Cromwell executed three of the leaders on 17 May, and their names are commemorated on a plaque on the church wall, unveiled by the late Tony Benn.

The detail of the mutiny, it's defeat and lessons for the modern working class, as one of the episodes in our history of militant struggle against exploitation, are contained in Dudley's pamphlet.

The classic pamphlet was written 70 years ago to commemorate the 300th anniversary by Oxford engineering worker, Dudley Edwards, and can be viewed online at

The original inscription made on the font lead by Anthony Sedley before the execution of the leading Levellers, photo by Dave Nellist

The original inscription made on the font lead by Anthony Sedley before the execution of the leading Levellers, photo by Dave Nellist   (Click to enlarge)


Donate to the Socialist Party

Coronavirus crisis - Finance appeal

The coronavirus crisis has laid bare the class character of society in numerous ways. It is making clear to many that it is the working class that keeps society running, not the CEOs of major corporations.

The results of austerity have been graphically demonstrated as public services strain to cope with the crisis.

The government has now ripped up its 'austerity' mantra and turned to policies that not long ago were denounced as socialist. But after the corona crisis, it will try to make the working class pay for it, by trying to claw back what has been given.

  • The Socialist Party's material is more vital than ever, so we can continue to report from workers who are fighting for better health and safety measures, against layoffs, for adequate staffing levels, etc.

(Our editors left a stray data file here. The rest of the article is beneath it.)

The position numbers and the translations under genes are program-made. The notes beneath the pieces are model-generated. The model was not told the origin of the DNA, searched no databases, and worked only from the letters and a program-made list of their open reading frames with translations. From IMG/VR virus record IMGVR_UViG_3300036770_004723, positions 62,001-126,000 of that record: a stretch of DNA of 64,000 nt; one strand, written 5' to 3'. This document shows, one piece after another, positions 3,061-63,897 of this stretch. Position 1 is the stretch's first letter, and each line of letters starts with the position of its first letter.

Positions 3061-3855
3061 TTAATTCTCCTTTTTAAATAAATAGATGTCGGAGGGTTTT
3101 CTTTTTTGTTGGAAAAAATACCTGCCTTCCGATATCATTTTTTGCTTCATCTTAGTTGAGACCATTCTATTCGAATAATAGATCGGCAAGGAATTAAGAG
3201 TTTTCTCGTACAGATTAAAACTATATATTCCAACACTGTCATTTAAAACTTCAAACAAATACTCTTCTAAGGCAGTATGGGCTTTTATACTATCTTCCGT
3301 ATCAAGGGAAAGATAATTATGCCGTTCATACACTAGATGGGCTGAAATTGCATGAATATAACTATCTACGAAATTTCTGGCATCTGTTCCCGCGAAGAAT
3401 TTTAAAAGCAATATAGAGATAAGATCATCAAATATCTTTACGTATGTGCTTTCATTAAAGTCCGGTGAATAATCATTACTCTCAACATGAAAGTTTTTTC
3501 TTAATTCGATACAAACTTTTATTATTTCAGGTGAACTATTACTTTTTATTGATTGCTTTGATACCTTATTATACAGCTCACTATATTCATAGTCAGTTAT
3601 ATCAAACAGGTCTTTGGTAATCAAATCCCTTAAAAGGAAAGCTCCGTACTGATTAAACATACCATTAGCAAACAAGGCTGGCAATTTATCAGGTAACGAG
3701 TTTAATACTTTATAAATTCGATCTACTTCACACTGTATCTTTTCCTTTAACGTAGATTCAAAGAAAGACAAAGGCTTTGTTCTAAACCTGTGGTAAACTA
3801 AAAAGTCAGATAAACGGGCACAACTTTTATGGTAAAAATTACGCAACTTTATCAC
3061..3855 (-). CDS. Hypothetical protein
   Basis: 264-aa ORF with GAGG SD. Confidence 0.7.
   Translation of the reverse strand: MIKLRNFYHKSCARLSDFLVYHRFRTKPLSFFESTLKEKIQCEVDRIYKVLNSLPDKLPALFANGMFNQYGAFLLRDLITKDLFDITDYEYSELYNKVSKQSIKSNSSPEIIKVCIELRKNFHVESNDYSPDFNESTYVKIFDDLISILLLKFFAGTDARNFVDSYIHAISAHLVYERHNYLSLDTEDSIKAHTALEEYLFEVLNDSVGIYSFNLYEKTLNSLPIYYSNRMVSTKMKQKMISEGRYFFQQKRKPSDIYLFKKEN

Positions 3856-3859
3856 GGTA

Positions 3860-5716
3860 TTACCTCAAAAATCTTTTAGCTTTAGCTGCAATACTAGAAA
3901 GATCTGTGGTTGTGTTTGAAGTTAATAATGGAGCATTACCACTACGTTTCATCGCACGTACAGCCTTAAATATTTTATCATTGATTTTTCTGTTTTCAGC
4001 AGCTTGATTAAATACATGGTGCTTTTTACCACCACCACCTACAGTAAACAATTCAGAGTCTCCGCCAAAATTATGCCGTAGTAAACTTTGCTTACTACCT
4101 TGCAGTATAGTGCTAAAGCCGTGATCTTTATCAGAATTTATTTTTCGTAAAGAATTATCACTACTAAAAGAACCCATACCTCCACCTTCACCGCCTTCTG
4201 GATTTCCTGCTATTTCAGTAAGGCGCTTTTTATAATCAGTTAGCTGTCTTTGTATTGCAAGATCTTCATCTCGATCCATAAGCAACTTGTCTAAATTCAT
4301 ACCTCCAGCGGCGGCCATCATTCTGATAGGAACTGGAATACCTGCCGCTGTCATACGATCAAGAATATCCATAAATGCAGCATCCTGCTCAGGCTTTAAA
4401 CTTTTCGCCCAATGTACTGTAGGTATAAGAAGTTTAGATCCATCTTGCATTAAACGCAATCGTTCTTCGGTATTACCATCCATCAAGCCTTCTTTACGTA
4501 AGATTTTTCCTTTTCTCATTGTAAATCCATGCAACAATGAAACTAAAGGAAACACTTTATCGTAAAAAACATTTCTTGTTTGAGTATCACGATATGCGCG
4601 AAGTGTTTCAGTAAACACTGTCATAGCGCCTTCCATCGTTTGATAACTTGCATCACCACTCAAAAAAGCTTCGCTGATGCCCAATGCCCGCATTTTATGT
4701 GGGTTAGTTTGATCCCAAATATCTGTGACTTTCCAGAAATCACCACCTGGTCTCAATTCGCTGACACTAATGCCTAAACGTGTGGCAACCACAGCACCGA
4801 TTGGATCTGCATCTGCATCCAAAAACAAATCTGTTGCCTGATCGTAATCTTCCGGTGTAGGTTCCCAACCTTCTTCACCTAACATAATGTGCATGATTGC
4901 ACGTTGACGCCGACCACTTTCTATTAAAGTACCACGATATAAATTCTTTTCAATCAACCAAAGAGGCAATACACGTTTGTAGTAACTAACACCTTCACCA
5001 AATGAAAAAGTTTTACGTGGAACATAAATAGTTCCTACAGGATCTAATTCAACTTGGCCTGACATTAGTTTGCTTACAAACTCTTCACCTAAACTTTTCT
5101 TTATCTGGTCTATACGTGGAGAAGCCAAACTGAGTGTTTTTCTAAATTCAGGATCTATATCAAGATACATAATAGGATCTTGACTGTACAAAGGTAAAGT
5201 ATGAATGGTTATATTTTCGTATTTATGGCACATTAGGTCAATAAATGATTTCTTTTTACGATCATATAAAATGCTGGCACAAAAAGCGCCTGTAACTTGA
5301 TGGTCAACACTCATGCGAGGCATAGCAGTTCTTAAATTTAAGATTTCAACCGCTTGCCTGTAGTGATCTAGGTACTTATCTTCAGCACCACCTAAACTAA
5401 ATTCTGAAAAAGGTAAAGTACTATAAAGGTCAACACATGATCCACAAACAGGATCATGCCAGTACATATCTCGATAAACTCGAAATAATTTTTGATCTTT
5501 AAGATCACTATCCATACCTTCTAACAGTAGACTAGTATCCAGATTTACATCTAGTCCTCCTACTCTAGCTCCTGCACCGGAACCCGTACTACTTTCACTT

• Our 'fighting coronavirus workers' charter', outlines a programme to combat the virus and protect workers' living conditions.
  • When the health crisis subsides, we must be ready for the stormy events ahead and the need to arm workers' movements with a socialist programme - one which puts the health and needs of humanity before the profits of a few.
Inevitably, during the crisis we have not been able to sell the Socialist and raise funds in the ways we normally would.
We therefore urgently appeal to all our viewers to donate to our special coronavirus appeal.

Please donate here.

All payments are made through a secure server.

My donation


Your message: 


Join the Socialist Party
Subscribe to Socialist Party publications
Donate to the Socialist Party
Socialist Party Facebook page
Socialist Party on Twitter
Visit us on Youtube



Phone our national office on 020 8988 8777


Locate your nearest Socialist Party branch Text your name and postcode to 07761 818 206

Regional Socialist Party organisers:

Eastern: 079 8202 1969

East Mids: 077 3797 8057

London: 075 4018 9052

North East: 078 4114 4890

North West 079 5437 6096

South West: 077 5979 6478

Southern: 078 3368 1910

Wales: 079 3539 1947

West Mids: 024 7655 5620

Yorkshire: 077 0671 0041



Alphabetical listing

August 2020

July 2020

June 2020

May 2020

April 2020

March 2020

February 2020

January 2020